of Small Collectors

  versione italiana article # 31




by Giovanni Ciceri
click on images to enlarge


(A practical example concerning a George II English coffee pot)

To verify the authenticity of antique silver isn't an easy task. Of course, a specialist's opinion in written form may be required purchasing an item in an antique shop. For a collector who prefers to search and buy items out of the traditional - and sometimes expensive - antique retailer shops, a valid alternative way is to collect as much informations as possible about the style evolutions and patterns of the object he intends to buy. Furthermore it is necessary to adopt a rigorous and pragmatic approach, trying to avoid emotional factors which may affect the correct evaluation of the item.
As an example we'll try to verify the authenticity of one of the most important pieces of my collection: an English George II Coffee pot dating 1745.
So, we place the pot on the table and our test through 10 consecutive steps begins .

coffee pot Thomas Whipham 1745/6

1. Preliminary evaluation and recording of measures and weight of the item
The first step is a roughly examination of the item, according to its dimension (25 cm tall, about 10 in.) and weight (820 g, about 29 oz.), as well as the evidence of alterations, research of base metal different from silver, etc.
From this point of view our coffee pot looks to be a piece of great gauge and quality as anyone would expect from an English silver of the first half of 18th century.

2. Hallmarks research and their examination (individual and as a set)

coffee pot's hallmarks Now we research coffee pot hallmarks. Hallmarks in exposed positions are often rubbed and difficult to read on antique silver, due to the repeated polishing of the item. Rubbing of hallmarks positioned in a straight line increases progressively from the more protected side (in our case the handle) towards the more exposed side at the centre of the pot.
This is our case: the first mark, near the handle, is quite clear and corresponds to the maker mark of the silversmith Thomas Whipham I (note 1), working in London at the middle of 18th century. The second hallmark is slightly rubbed on the upper side, but its bottom shape allows its attribution to the 14th cycle of London hallmarks (it was used only between 1739 and 1755) (see ). In this mark (not well visible) the lion is looking straight front (this hallmark was used in London until 1820).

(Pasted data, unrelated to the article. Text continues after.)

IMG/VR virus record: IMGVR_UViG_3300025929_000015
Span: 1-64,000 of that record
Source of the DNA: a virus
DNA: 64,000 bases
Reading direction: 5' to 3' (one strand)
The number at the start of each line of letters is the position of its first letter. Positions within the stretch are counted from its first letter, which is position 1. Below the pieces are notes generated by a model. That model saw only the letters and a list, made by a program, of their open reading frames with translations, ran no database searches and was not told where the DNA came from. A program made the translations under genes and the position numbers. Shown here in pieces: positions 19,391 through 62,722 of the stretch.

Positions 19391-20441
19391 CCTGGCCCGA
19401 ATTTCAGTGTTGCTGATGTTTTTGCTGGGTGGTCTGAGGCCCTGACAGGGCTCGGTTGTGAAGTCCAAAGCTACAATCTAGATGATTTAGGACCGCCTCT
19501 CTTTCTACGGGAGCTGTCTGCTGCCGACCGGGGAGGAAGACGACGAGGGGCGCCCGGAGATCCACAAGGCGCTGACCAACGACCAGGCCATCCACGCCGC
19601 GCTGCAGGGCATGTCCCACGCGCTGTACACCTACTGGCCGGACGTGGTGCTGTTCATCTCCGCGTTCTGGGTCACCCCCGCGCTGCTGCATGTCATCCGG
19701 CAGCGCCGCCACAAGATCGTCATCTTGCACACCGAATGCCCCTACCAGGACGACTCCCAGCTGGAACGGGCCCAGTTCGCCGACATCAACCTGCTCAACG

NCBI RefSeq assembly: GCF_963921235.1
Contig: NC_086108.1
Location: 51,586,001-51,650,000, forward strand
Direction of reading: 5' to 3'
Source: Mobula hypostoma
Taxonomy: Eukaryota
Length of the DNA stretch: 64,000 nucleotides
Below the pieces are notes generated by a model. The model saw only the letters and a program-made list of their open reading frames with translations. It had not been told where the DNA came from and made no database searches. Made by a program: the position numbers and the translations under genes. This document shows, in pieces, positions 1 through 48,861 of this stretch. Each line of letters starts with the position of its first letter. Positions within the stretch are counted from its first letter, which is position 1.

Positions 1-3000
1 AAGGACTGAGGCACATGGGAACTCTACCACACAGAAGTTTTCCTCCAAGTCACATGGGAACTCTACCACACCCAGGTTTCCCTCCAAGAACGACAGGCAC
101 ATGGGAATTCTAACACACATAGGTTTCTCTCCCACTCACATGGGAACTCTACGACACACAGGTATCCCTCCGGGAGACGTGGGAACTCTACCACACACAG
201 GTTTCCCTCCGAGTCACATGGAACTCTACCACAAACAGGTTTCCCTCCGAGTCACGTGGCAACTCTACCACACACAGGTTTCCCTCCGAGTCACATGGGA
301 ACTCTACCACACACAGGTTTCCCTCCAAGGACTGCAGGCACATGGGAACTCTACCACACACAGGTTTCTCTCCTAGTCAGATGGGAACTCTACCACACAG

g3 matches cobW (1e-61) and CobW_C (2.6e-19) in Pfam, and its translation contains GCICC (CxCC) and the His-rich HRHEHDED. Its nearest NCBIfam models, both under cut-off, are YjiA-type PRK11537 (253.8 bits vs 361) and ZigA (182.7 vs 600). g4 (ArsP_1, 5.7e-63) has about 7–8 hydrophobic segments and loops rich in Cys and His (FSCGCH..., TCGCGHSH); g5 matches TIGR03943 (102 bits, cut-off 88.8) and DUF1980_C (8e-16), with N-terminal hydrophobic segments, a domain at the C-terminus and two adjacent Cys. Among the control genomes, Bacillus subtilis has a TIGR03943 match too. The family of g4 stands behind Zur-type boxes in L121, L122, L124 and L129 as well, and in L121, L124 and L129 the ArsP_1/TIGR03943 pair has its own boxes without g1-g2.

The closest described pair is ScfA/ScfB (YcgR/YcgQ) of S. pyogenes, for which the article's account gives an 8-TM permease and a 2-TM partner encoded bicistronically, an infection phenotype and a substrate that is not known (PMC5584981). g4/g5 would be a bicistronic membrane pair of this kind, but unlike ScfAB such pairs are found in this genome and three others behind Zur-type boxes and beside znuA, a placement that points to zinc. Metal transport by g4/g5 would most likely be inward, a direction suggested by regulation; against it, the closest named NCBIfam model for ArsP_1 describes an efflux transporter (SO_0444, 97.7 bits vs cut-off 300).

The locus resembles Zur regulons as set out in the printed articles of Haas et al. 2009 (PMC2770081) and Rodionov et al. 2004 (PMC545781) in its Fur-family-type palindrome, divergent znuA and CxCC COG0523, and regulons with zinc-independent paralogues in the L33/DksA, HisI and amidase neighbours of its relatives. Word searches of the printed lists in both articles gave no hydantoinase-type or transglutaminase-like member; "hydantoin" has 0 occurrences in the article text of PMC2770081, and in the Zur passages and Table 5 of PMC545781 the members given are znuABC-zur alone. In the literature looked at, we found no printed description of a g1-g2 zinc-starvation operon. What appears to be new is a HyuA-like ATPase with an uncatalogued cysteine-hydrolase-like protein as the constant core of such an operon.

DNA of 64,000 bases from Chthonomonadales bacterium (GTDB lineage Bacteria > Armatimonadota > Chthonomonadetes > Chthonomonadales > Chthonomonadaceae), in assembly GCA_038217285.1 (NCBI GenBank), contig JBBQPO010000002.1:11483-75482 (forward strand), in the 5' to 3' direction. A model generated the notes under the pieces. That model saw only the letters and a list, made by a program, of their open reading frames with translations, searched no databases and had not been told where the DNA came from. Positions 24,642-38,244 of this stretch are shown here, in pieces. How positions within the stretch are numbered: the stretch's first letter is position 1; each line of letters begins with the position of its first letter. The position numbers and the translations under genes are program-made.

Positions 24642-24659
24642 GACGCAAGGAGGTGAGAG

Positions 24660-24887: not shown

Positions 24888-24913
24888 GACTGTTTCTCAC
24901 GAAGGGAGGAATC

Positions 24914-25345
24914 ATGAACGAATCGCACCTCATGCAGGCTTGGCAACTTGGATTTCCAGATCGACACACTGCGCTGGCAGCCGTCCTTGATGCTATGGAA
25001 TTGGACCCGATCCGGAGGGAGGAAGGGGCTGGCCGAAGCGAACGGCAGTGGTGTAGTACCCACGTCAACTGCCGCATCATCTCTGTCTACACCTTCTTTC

The third hallmark is the date letter. This mark is quite rubbed but a 'k' letter in the shape of the 14th cycle of London hallmarks may be easily seen.
The last hallmark, completely unreadable, should be the crowned leopard head, symbol of the London assay Office since 1550. Anyway the set of hallmarks clearly certifies that this coffee pot was marked in London between the May 1745 and the April 1746. Usually a further help in dating a silver piece is supplied by the marks inside the lid (lion passant and, often, maker's mark), but our coffee pot has no mark inside the lid. We record this peculiarity (more explanations later) and we proceed with our test.

3. Coherence between hallmarks' date and actual production of the item in this age
In our case the question is: were coffee pots already produced in England in 1745?
The answer is positive, the first known example of an English coffe pot being dated 1681 (George Garthorne ?, London 1681/2 - Victoria & Albert Museum)

4. Correspondence between hallmarks' date and pattern/shape of the item
Now we check if our coffee pot pattern was common in 1745, George II reigning. The answer is positive, as this shape and pattern was very popular between 1740 and 1760, the so called 'tuck in base' ( Ian Pickford, 2003. Starting to Collect Antique Silver - Antiques Collector's Club, and Peter Waldrom, 2001. The price guide of antique silver. Antiques Collector's Club).
Furthermore, the coffee pot foot is obtained by 'raising' (working a plain sheet of silver with the hammer) and not by 'casting', and the 'tuck in base' is not pronounced enough to give a baluster shape to the body. This means that, likely, this pot was crafted between 1740 and 1750. The shape of the lid (wrapping over the rim, without a sleeve fitting outside) is typical of the years around the 1745 (Ian Pickford, 2003. Starting to Collect Antique Silver - Antiques Collector's Club). Sometimes this particular pattern has no hallmark inside the lid (Ian Pickford, 2003. Starting to Collect Antique Silver - Antiques Collector's Club)